News and EventsThursday, August 18, 2016
Medicaid spend-down eliminated through Ohio’s new disability determination system
This summer, Ohio switched from a 209(b) state to a 1634 state. What does this mean? It means Ohio changed its disability determination system so that people who qualify for Supplemental Security Income (SSI) will also automatically qualify for Medicaid. As part of this change, Ohio has also decided to eliminate Medicaid spend-down and require beneficiaries to instead place excess income in a trust.
The Ohio Department of Medicaid refers to this as Ohio’s Disability Determination Redesign (DDR) and estimates that more than 400,000 Ohioans will be impacted. Ohio has created a website, benefits.ohio.gov/ddr.html, to help people understand if and how they are impacted.
Here are a few of the differences between 209(b) states and 1634 states:
As a 1634 state, Ohio has the option of eliminating its spend down program and it has decided to do so. This is one of the biggest changes – and challenges – facing Medicaid recipients. This program allowed individuals to “spend down” a portion of their income to qualify for Medicaid.
As part of Ohio’s Disability Determination Redesign, most people who would have been eligible for Medicaid via the spend down were automatically enrolled in Medicaid when the state switched from a 209(b) state to a 1634 state on August 1.
However, for some people, the automatic enrollment is only a “grace” period. With the elimination of the spend down, Medicaid recipients who are over the income limit will no longer have a path to eligibility and will have to seek coverage elsewhere. Their current Medicaid coverage will remain intact until their 2017 eligibility renewal date. Ohio’s Office of Health Transformation has estimated how many people may be impacted by this change and where they might seek alternative health coverage.
There are exceptions, however, including 1) for people with severe persistent mental illness (SPMI), and 2) for those who receive Medicaid long-term care services. This second group includes people who live in a nursing facility or intermediate care facility; individuals with intellectual disabilities (ICF-IDD); and people who receive home and community based services (HCBS) via waiver programs PASSPORT, Assisted Living, Ohio Home Care, Individual Options and MyCare Ohio.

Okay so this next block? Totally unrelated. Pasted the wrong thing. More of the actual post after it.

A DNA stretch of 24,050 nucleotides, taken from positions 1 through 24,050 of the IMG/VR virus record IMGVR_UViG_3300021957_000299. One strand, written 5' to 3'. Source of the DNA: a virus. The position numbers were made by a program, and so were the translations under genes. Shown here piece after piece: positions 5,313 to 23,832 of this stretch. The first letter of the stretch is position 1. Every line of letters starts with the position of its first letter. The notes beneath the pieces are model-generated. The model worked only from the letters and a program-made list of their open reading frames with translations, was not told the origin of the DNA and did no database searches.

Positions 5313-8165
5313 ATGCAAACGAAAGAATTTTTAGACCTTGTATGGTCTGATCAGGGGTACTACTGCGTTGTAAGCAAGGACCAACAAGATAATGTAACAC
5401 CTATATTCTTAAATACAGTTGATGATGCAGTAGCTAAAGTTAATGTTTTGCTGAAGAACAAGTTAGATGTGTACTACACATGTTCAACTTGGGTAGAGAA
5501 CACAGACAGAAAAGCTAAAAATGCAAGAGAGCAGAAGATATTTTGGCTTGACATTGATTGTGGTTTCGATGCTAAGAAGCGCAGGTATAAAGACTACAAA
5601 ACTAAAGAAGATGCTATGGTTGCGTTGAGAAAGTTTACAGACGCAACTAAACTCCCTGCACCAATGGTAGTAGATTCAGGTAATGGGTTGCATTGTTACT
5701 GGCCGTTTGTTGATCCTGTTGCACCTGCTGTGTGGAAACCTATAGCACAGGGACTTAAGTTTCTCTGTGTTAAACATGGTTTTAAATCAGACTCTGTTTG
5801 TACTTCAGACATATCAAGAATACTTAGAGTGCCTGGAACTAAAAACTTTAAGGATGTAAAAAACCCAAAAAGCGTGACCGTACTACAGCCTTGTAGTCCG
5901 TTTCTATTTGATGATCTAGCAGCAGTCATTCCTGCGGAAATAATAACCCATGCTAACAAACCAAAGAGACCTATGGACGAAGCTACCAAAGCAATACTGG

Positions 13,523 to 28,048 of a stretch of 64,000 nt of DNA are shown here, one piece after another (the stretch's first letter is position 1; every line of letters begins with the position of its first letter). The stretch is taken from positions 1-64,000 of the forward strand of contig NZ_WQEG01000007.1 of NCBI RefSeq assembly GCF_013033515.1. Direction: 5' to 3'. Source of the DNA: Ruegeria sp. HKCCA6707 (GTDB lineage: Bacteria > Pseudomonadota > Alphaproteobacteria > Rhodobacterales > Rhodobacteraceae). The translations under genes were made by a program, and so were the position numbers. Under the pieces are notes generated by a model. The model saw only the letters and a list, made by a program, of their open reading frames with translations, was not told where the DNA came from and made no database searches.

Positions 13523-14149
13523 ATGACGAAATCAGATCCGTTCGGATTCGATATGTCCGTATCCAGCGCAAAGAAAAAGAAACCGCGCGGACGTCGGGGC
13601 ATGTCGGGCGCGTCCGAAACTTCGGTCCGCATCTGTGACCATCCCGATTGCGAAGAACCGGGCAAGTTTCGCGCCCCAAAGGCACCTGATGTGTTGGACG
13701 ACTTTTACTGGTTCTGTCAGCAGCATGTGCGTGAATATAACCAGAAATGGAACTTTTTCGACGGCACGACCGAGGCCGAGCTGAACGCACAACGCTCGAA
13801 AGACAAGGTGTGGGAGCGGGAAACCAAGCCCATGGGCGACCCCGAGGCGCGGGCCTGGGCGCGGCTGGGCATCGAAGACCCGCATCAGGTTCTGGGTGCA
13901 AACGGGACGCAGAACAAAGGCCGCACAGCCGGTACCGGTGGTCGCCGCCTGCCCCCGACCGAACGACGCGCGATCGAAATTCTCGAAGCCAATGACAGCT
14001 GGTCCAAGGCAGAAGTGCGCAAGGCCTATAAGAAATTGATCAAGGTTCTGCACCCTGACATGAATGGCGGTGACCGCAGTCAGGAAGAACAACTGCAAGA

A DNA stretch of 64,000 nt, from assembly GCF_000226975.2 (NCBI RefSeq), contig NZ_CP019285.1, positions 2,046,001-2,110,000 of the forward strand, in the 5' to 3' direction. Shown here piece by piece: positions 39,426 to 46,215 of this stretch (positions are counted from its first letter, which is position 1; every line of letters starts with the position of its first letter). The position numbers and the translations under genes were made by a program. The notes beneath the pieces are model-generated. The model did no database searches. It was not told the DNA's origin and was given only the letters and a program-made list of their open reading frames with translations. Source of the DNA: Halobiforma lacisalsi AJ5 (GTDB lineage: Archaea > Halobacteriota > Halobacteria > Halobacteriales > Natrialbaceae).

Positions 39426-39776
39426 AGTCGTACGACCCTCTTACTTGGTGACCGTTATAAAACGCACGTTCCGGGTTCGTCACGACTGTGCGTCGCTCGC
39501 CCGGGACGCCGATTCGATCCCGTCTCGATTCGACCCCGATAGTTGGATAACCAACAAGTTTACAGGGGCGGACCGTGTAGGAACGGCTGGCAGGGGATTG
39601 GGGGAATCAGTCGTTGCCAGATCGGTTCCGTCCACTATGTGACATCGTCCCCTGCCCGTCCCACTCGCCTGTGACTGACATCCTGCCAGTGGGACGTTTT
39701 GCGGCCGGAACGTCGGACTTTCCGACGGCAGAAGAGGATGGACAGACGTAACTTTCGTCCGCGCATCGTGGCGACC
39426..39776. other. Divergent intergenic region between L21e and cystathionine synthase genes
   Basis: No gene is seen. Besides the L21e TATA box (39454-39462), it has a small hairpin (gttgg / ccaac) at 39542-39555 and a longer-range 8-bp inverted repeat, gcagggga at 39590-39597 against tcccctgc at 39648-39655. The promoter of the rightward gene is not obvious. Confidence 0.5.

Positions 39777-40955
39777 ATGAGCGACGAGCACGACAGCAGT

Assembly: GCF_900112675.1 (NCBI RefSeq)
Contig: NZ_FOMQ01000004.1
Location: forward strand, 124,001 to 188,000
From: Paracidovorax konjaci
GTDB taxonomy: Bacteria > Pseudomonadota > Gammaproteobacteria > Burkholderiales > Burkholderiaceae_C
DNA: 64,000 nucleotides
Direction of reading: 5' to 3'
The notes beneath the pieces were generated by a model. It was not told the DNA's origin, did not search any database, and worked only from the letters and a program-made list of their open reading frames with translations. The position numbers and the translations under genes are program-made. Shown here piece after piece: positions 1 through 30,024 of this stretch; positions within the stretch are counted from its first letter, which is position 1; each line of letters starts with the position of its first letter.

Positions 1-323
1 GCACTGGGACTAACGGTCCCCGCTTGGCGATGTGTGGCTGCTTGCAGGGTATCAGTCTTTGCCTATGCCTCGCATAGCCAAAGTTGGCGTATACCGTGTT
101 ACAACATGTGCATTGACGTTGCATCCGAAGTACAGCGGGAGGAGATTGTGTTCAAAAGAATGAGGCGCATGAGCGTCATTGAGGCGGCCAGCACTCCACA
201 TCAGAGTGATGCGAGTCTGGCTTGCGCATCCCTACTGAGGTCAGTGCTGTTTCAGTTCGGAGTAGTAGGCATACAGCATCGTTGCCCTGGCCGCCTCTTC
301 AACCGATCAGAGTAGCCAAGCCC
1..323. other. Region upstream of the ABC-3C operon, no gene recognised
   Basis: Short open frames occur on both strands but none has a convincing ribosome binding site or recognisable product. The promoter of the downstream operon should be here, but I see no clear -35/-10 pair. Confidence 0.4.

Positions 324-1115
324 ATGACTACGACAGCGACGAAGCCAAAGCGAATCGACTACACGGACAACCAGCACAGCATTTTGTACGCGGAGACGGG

Changes for people who receive Medicaid long-term care services
In the past, some Medicaid long-term care recipients have been over the monthly income limit but still qualified for Medicaid because of the spend down or patient liability. However, with the elimination of the spend down option, these individuals will need to create a Qualified Income Trust (QIT) in order to remain eligible for Medicaid.
A QIT, or “Miller Trust,” is a legal structure that allows income in excess of the eligibility limit for Medicaid long-term care to be disregarded, thereby making an individual eligible for Medicaid. An individual must place any monthly income over $2,199 into the trust. Funds deposited into the trust can be used to pay patient liability, incurred medical expenses, monthly personal allowance, and monthly bank fees associated with the trust.
A QIT is irrevocable, meaning it can only be cancelled when the individual dies. Because the state is named as the trust’s primary beneficiary, any funds remaining in the trust upon the individual’s death are used for estate recovery purposes. Click here for more information about QITs.
This change impacts more than 8,000 current Medicaid beneficiaries, many of whom reside in long-term care facilities. To help people navigate and better understand this change, Ohio has contracted with Automated Health Systems (AHS). AHS can answer questions and help people establish the trust, free of charge. Ohio has also developed several education tools, including a fact sheet and video to explain the changes.
Tools to help people understand QIT
Changes for people with severe persistent mental illness (SPMI)
Ohio created the new program through section 1915(i) of the Social Security Act. The program was reviewed and approved by the Centers for Medicare and Medicaid Services. To be eligible, individuals must have monthly income below $2,199, meet diagnosis criteria, and not live in a nursing facility, hospital or similar setting.
Council on Aging and two other providers will perform eligibility evaluations for the non-financial requirements of the SRS program and provide the recovery management services that support individuals receiving services. Read more about Council on Aging’s role in this program here.
Ohio estimates that more than 5,000 individuals with SPMI will qualify for this new program. Ohio Medicaid and the Department of Mental Health and Addiction Services will contact individuals who might be eligible for SRS and assist them with enrollment.
For more information about SRS:
Click here to read Ohio’s full Disability Determination Redesign plan, including information about the number of Ohioans impacted, and specific pathways to healthcare for people who receive long-term care services, have SMPI, or who might lose their Medicaid coverage as a result of the redesign.
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